9 Ways to Keep Your Kid's Illness From Spreading to the Whole Family

9 Ways to Keep Your Kid's Illness From Spreading to the Whole Family

When your kids are sick, try these tips to protect yourself and the rest of the family.


By: Laurie Sue Brockway

When your children are sick, they need your complete attention and tender loving care, yet nothing spreads faster than the catchy virus or illness that has followed them home from school, day care, or the playground.

Many moms find they are susceptible to the same common childhood maladies their kids have, like colds, strep throat, gastrointestinal viruses, and the seasonal flu. This makes them vulnerable to the one thing worse than taking care of sick kids – taking care of sick kids while being sick, too.

So what steps can you take to avoid catching bugs from your little ones?

We spoke to experts Shari Weisenfeld, MD, of ASAP Urgent Care in Connecticut and Barb Dehn, RN, MS, NP. FAANP, NCMP, a women's health nurse practitioner who is also known as Nurse Barb. Here are their top nine tips on how to protect yourself and the rest of the family.

1. Wash your hands constantly. This may seem like a no-brainer, but when you have a sniffling baby in your arms or a first-grader throwing up nonstop, you may need a reminder. “The best way for moms to keep from getting sick when their kids are sick is diligent hand washing immediately after wiping noses, changing diapers, feeding, or any tending to sick kids,” says Dr. Weisenfeld. Have your kids wash their hands a lot, too.

2. Shower and wash your hair. You need to wash everything. “Especially with little ones around who love to snuggle up on mom’s shoulders, nuzzle into their hair, and sometimes play with their mom’s hair and then suck their thumbs,” says Dehn. “Washing really helps by using friction to rub away the germs.” She says, to be effective, soap up for at least 30 seconds or as long as it takes to sing the “Happy Birthday” song.

3. Use paper goods and dispose of them. Disposable paper towels, plates, and cups can be a mom’s best friend. Also, toss used tissues immediately. “Throw them right into the trash bin then wash hands, and ask kids to do the same,” Weisenfeld says.

4. Keep the bathroom hygienic. “If you can, use your own separate bathroom from the sick kids,” says Weisenfeld. “Wipe down surfaces where germs can live, including the bathroom.”

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5. Clean all counters. Dehn says to make sure you also keep the kitchen and other areas clean too. “We are constantly cleaning, wiping down surfaces, going through 12 packs of paper towels like cupcakes at a birthday party,” she says. “Wiping down all surfaces is a must, and you don’t have to go crazy and use straight bleach.” She likes to use Mr. Clean Liquid Muscle with disposable paper towels that are tossed after cleaning.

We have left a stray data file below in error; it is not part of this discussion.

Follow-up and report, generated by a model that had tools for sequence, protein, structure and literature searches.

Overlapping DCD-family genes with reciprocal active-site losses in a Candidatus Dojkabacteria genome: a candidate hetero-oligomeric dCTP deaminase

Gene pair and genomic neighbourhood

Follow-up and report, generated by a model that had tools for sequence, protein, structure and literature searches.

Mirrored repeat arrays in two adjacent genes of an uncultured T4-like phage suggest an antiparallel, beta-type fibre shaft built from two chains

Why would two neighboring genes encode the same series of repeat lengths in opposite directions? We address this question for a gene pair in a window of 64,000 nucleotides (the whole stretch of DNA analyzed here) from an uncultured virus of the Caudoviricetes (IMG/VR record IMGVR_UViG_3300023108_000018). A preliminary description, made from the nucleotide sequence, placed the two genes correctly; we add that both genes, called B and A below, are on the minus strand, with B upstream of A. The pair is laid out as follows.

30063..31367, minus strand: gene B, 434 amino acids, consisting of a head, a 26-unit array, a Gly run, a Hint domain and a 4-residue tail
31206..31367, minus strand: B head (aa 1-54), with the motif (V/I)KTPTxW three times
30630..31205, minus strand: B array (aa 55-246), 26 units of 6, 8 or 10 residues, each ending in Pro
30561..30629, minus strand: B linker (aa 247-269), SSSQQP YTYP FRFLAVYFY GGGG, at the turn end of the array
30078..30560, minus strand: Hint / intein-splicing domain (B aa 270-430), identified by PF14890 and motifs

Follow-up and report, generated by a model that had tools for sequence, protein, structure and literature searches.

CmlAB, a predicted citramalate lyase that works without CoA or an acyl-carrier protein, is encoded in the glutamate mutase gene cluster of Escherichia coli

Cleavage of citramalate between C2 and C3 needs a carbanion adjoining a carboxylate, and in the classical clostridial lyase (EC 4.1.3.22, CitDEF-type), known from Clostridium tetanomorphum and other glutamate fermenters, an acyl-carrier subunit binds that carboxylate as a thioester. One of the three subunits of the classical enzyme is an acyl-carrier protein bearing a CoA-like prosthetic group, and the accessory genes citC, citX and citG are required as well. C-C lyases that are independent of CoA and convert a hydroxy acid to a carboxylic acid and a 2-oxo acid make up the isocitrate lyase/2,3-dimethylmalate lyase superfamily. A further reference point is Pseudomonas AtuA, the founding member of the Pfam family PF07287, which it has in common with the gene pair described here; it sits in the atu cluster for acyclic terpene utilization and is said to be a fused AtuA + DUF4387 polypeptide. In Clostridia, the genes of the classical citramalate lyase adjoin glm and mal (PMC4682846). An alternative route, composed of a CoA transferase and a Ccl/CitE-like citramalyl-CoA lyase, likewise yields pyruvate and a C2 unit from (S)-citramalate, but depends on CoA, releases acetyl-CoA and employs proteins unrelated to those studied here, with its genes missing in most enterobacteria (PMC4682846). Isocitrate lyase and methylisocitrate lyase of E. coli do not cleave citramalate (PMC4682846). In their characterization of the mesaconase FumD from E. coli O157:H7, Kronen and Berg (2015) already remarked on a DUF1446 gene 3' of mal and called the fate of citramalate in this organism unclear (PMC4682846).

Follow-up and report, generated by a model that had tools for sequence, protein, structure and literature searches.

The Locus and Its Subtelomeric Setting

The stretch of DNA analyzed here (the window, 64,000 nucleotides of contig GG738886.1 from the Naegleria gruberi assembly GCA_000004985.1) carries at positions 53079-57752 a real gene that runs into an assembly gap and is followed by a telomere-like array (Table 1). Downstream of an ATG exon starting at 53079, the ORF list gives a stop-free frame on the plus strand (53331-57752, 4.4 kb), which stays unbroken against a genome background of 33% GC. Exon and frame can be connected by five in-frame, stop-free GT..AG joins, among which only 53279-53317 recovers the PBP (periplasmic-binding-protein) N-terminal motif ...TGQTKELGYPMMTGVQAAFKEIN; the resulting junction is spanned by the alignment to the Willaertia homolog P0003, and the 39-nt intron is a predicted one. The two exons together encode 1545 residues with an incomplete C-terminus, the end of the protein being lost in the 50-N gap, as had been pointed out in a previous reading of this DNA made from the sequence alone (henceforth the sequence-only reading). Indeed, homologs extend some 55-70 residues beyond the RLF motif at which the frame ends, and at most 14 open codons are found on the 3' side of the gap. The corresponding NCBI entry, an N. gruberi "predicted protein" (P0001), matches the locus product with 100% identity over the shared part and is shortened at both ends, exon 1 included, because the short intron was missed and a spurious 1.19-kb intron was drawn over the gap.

6. Thou shalt not share. This is one of those times you do not want kids sharing their things. Weisenfeld says moms must be mindful not to eat off their children’s plates or let kids share food, utensils, or cups. Also, try not to let them share toys, electronic devices, or even the TV channel changer. If they do, don't forget shared phones, tablets, computer keyboards, and other areas where germs can congregate.

7. Have kids cover their mouths. One way to prevent the spread of airborne illnesses is to ask them to cough into their elbows and not their hands, Weisenfeld says. Moms also have to remember to not touch their sick children’s mouths while tending to them.

8. Air filters. Hospital-grade HEPA certified air filters can help reduce the spread of airborne germs, says Dehn. It’s good to have one handy for when the need arises.

9. Don’t forget self care. Kids need you when they are sick so self care and prevention are important. “Moms and dads do get sick and illnesses do run through families, so put your oxygen mask on first,” says Dehn. “Get plenty of rest to keep your immune system working well. Get your flu shot. Stock up the medicine cabinet just in case.”

Unfortunately, we cannot seal kids in bubble wrap to keep them from getting sick, but we can teach them good health sense and good hygiene, says Dehn.

We taught our son to recognize and politely avoid kids at school who were obviously sick, with runny noses, coughing, and hoarse voices,” she says. “He had a tendency to get really sick and miss a whole week of school when he was exposed to the other little germ factories at school.”

How do you stop the spread of germs in your house?



Laurie Sue Brockway is a journalist and author who has written extensively on love, marriage, parenting, wellbeing, and emotional health. Her work has appeared in hundreds of print and online publications, including Everyday Health and The Huffington Post.

Image ©iStock.com/timsa

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